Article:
The following are the new designated items and their 7 CFR Part 3201 section numbers:

3201.120, Adhesives
3201.121, Animal Habitat Care Products
3201.122, Cleaning Tools
3201.123, Concrete Curing Agents
3201.124, Concrete Repair Materials
3201.125, Durable Cutlery
3201.126, Durable Tableware
3201.127, Epoxy Systems
3201.128, Exterior Paints And Coatings
3201.129, Facial Care Products
3201.130, Feminine Care Products
3201.131, Fire Logs and Fire Starters
3201.132, Folders and Filing Products
3201.133, Foliar Sprays
3201.134, Gardening Supplies and Accessories
3201.135, Heating Fuels and Wick Lamps
3201.136, Kitchenware and Accessories
3201.137, Other Lubricants
3201.138, Phase Change Materials
3201.139, Playground and Athletic Surface Materials
3201.140, Powder Coatings
3201.141, Product Packaging
3201.142, Rugs and Floor Mats
3201.143, Shopping and Trash Bags
3201.144, Soil Amendments
3201.145, Surface Guards, Molding, And Trim
3201.146, Toys and Sporting Gear
3201.147, Traffic and Zone Marking Paints
3201.148, Transmission Fluids
3201.149, Wall Coverings

In addition, USDA is amending the existing designated product categories of general purpose de-icers (3201.37, De-Icers); firearm lubricants (3201.38, Firearm Cleaners, Lubricants, and Protectants); laundry products (3201.40, Laundry Products); and water clarifying agents (water and wastewater treatment chemicals, 2008 for the others), USDA has obtained additional information on products within these four categories. Therefore, USDA is now amending these four categories to more closely align the existing categories with the data gathered since the categories were originally designated.

Five respondents submitted comments on the proposed rule (see the October 2018 Federal Contracts Perspective article “USDA Proposes 30 New Biobased Products”). As a result of those comments, the following changes are made to the final rule:

EDITOR’S NOTE: As a general rule, procuring agencies must purchase biobased products within these designated items where the purchase price of the procurement item exceeds $10,000 or where the quantity of such items or functionally equivalent items purchased over the preceding fiscal year equaled $10,000 or more, unless products within a designated item: (1) are not reasonably available within a reasonable period of time; (2) fail to meet the reasonable performance standards of the procuring agencies; or (3) are available only at an unreasonable price. The $10,000 threshold applies to federal agencies as a whole and not to agency subgroups such as regional offices or subagencies of the larger federal department or agency.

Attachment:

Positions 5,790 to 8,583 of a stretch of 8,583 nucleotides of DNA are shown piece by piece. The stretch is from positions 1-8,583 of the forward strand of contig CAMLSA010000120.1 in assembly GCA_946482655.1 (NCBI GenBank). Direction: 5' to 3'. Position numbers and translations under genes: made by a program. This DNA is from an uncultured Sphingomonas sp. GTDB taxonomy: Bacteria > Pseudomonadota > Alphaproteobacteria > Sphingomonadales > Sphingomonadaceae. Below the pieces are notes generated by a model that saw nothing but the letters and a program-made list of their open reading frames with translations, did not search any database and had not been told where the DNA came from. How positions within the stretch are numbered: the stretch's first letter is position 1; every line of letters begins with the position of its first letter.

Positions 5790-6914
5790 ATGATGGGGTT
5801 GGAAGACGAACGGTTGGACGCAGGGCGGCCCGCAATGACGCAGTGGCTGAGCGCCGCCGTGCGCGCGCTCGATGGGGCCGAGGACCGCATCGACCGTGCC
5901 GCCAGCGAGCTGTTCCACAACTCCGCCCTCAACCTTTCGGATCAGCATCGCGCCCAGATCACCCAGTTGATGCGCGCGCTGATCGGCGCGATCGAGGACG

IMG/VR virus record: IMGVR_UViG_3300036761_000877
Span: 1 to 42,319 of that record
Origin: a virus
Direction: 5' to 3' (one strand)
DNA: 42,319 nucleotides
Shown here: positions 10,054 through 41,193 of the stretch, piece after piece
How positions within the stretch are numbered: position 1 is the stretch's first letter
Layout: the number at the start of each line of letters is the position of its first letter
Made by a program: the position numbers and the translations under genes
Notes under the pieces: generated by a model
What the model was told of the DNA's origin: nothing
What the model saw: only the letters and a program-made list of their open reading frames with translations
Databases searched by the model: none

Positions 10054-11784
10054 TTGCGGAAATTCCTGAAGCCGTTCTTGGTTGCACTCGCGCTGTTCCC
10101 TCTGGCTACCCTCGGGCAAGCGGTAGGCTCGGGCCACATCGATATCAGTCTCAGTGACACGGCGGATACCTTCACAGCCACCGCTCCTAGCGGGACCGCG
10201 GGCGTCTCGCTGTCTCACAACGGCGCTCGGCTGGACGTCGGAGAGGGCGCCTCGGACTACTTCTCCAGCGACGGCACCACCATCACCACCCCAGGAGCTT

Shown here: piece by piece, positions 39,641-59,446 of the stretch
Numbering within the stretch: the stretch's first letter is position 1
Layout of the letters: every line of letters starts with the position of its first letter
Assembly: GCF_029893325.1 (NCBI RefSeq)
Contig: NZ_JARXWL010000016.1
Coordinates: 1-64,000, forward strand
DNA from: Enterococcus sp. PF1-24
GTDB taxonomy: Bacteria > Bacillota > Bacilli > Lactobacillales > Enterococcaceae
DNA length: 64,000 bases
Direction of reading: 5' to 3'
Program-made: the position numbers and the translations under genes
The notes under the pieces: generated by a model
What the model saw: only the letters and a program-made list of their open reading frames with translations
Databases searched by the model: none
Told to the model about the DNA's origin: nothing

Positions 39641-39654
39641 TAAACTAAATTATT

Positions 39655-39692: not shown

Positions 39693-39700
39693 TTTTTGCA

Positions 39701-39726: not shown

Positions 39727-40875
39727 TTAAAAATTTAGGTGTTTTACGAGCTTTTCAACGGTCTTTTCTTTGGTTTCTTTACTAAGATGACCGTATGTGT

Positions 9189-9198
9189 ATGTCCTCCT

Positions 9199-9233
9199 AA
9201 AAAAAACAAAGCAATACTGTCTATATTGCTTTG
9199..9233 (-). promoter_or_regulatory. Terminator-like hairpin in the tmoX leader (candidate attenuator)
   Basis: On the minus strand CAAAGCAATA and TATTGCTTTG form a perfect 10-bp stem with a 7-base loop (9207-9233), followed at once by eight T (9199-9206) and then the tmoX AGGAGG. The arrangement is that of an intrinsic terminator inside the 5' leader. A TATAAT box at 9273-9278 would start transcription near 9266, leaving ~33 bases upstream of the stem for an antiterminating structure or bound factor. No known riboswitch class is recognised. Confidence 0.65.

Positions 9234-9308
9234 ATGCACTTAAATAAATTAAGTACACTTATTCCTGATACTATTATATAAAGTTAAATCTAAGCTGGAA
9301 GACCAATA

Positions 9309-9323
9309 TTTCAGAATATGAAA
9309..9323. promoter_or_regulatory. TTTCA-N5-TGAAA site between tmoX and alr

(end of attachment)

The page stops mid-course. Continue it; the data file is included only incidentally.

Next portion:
For more information on the biobased program and all the products in the program, go to http://www.biopreferred.gov/.

GSA Issues Unique ID Standard for SAM.gov

The General Services Administration (GSA) has issued the technical specifications for the Unique Entity Identification (ID) that will be used as the official identifier for doing business with the government. This non-proprietary ID will replace the Data Universal Numbering System (DUNS®) numbers currently used to identify entities and will be be generated in the System for Award Management (SAM – https://www.sam.gov).

SAM is the federal database where vendors register to do business with the government. It has consolidated several federal databases into one: the Federal Agency Registration (FedReg); the Online Representations and Certifications Application (ORCA); the Excluded Parties List System (EPLS); and the Wage Determinations On-Line (WDOL), and there are plans to consolidate even more federal databases into SAM. The purpose of SAM is to: (1) allow users to employ a single login to access all the capabilities found in the old systems; (2) eliminate data overlap by sharing the data among the systems; and (3) provide a standardized format across all webpages to make it easier to navigate and find information.

The government must validate the identity of each entity (company, individual, organization, etc.) that registers in SAM to do business with the government. For decades these services were provided by Dun and Bradstreet (D&B) though its DUNS® numbers. The government required its contractors to obtain and report a unique DUNS® number as a condition for receiving a contract award. This proprietary number permitted the government to: (1) uniquely identify a contractor entity; and (2) roll-up government procurements to the ultimate parent organization to show the corporate family receiving U.S. obligations. However, the Digital Accountability and Transparency Act of 2014 (DATA Act) (Public Law 113-101) specifically states that the data shall, to the extent reasonable and practicable, “incorporate a widely accepted, nonproprietary, searchable, platform-independent computer-readable format” and “include unique identifiers for federal awards and entities receiving federal awards that can be consistently applied governmentwide” (emphasis added). After soliciting for nonproprietary unique Entity IDs, GSA selected Ernst and Young to provide entity validation services for the federal award process (see the April 2019 Federal Contracts Perspective article “GSA Announces Award for Entity Validation Services”). The transition from DUNS® numbers to the SAM-generated Unique Entity ID will take place through December 2020.